Jackie Robinson Jersey from Rookie Season Sells for $2.05M at Auction

Timothy Rapp@@TRappaRTFeatured ColumnistNovember 21, 2017

FILE - In this April 11, 1947 file photo, Jackie Robinson of the Brooklyn Dodgers poses at Ebbets Field in the Brooklyn borough of New York. A specially padded baseball cap that Jackie Robinson wore for protection against beanballs has sold for $590,994 at auction.The blue Brooklyn Dodgers hat sold Saturday, Oct. 28, 2017, after a monthlong online auction through the sports auctioneers Lelands. Lelands says Robinson wore the hat when he broke baseball’s color barrier in 1947. (AP Photo/John Rooney, File)
JOHN ROONEY/Associated Press

The Brooklyn Dodgers uniform that Jackie Robinson reportedly brought home with him after his rookie season in 1947 sold for a record (post-World War II era) $2.05 million at auction, according to the Associated Press.

Per that report, "The jersey, part of a Heroes of Sports offering by Heritage Auctions, was accompanied by a letter from Robinson's widow, Rachel, saying it is the one brought home by the Hall of Famer at the end of the 1947 season, when he became the first black player in the majors and earned Rookie of the Year honors."

Robinson hit .297 in his historic rookie year with 12 home runs, 48 RBI, 125 runs and 29 stolen bases, all while breaking MLB's color barrier. He finished his career as a six-time All-Star, the 1949 MVP and a 1955 champion, ultimately being enshrined in baseball's Hall of Fame.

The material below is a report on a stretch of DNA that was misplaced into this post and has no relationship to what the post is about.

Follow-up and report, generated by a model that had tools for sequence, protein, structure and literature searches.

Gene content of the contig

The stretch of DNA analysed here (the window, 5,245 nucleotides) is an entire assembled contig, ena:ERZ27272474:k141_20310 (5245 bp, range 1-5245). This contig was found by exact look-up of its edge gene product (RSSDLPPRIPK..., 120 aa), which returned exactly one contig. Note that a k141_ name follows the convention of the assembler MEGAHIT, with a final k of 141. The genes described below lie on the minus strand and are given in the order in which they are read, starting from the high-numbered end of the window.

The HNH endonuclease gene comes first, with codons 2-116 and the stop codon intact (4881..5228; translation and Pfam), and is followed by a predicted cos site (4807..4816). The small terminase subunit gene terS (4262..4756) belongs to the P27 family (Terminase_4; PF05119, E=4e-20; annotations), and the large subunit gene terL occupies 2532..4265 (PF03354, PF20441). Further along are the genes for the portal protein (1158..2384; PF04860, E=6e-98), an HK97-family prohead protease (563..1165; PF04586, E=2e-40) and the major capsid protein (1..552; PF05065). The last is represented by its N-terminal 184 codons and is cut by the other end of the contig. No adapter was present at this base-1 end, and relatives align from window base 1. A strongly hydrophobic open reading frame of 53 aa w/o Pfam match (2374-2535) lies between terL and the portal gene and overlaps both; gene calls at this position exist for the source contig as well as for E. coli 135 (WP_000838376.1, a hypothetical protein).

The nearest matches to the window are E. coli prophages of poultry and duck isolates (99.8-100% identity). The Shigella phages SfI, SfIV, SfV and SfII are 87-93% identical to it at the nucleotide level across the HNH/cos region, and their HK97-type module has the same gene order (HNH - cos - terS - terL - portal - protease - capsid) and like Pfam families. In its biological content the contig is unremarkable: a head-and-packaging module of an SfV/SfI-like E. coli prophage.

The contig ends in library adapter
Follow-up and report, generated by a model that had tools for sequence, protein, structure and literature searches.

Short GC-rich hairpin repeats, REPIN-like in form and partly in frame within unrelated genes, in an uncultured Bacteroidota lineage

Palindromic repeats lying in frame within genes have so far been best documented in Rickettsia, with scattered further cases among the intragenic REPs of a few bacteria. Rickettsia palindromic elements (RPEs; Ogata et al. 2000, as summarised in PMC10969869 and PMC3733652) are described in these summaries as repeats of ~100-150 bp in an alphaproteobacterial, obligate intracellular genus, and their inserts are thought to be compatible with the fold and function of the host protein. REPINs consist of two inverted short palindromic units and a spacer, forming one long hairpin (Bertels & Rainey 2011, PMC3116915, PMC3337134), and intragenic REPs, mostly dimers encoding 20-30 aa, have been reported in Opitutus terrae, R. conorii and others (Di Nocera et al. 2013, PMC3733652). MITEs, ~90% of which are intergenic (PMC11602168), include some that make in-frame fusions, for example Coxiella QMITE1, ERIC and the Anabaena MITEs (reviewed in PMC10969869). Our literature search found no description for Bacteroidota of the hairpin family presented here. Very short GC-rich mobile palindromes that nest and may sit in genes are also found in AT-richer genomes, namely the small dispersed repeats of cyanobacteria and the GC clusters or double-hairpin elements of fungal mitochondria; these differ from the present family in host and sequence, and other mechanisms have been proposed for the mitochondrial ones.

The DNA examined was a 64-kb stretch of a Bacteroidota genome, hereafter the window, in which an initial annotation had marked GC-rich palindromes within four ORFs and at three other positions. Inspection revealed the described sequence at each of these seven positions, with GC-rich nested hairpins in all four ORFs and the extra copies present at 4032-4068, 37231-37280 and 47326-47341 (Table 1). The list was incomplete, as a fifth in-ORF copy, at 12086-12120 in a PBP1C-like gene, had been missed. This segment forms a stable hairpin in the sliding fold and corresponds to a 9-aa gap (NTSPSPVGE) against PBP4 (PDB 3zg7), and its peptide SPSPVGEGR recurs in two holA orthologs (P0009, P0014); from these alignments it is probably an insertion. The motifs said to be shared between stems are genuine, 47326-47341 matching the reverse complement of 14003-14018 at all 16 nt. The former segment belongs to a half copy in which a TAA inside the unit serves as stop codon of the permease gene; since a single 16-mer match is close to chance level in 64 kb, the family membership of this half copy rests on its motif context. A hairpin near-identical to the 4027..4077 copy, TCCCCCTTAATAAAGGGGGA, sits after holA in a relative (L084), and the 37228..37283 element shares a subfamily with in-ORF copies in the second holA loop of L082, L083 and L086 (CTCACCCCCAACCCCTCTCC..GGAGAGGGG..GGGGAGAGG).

He played for 10 seasons, all with the Dodgers.

The price of his rookie uniform was the most in the post-World War II era, surpassing the $573,600 that Sandy Koufax's 1955 Dodgers rookie jersey garnered at auction, according to the AP. The all-time record for a sports memorabilia sale remains the $4,415,658 that Babe Ruth's 1920 New York Yankees uniform sold for in 2012, however.

In late October, Robinson's game-worn Dodgers cap from the "1947-48 period" sold at auction for $590,994, per Dean Balsamini of the New York Post, setting a new record for memorabilia hats.

"It was a special hat for him. It has a helmet liner to protect him from beanings from racist players who would throw the ball at his head," Lelands chairman Josh Evans told David K. Li of the New York Post. "This is ancient, early baseball technology."